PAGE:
- Associated Press - Tuesday, September 23, 2014

BERLIN, Vt. (AP) - Progress is being made in Vermont’s fight against heroin and other opiate addictions, including more treatment programs serving a greater number of people as well as a regional effort with other New England states and New York to combat the problem, Gov. Peter Shumlin said Tuesday.

Shumlin, substance abuse experts, doctors and police detailed what has occurred since January when the governor, who is seeking re-election, centered his state-of-the-state address on the crisis.

Among the changes:

- 2,519 people are in treatment, up from 1,704, although there are still waiting lists.

- The state has hired a statewide director of pretrial services to help drug abusers who have committed nonviolent crimes get treatment and avoid court; the program has expanded into four more counties.

- 1,175 overdose rescue kits have been distributed to law enforcement and treatment programs with 67 lives being saved.

- A pilot project starting in October will allow inmates in South Burlington and Rutland to get drug treatment medications behind bars.

“This is a long journey. We are not going to eradicate opiate addiction in Vermont overnight. This is not easy work. What I can say is that the progress that we have made since January exceeds my wildest expectations,” Shumlin said.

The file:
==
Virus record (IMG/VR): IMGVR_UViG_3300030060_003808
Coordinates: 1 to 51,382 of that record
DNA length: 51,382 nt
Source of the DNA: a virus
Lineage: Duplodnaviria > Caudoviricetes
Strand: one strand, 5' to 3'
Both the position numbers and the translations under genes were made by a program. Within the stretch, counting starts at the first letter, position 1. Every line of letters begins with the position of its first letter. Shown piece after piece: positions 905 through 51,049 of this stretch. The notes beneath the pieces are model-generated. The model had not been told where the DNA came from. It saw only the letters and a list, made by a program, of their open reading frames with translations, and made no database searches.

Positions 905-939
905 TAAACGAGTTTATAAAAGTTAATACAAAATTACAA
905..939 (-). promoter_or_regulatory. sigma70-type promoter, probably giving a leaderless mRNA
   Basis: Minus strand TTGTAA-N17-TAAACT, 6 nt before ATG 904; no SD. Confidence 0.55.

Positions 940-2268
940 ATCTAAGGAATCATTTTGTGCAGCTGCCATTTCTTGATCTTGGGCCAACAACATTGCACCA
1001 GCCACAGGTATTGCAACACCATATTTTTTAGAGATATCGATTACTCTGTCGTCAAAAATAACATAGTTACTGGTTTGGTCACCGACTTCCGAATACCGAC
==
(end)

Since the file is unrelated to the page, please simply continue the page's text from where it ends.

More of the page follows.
Last week, Shumlin co-chaired the National Governor’s Association’s Drug Abuse Academy, a six-state policy academy on prescription drug abuse, and New England states and New York are also working together to help fight the problem in the region.

Clinics are reporting reduced waiting lists.

The clinic in Chittenden County has been able to serve about 30 percent more patients since January - 932 up from 722. It still has a waiting list of about 290 people, but that’s 55 percent lower than it was.

A statewide forum on community-based solutions resulted in the Health Department holding 10 follow-up meetings involving 500 people in local communities working on their own plans, said Barbara Cimaglio, deputy health commissioner in charge of Vermont’s alcohol and drug abuse prevention program.

“We’re really trying to make the whole greater than the sum of its parts. And I don’t think there’s any other state that’s doing even near the work that we’re doing in terms of a holistic approach,” she said.

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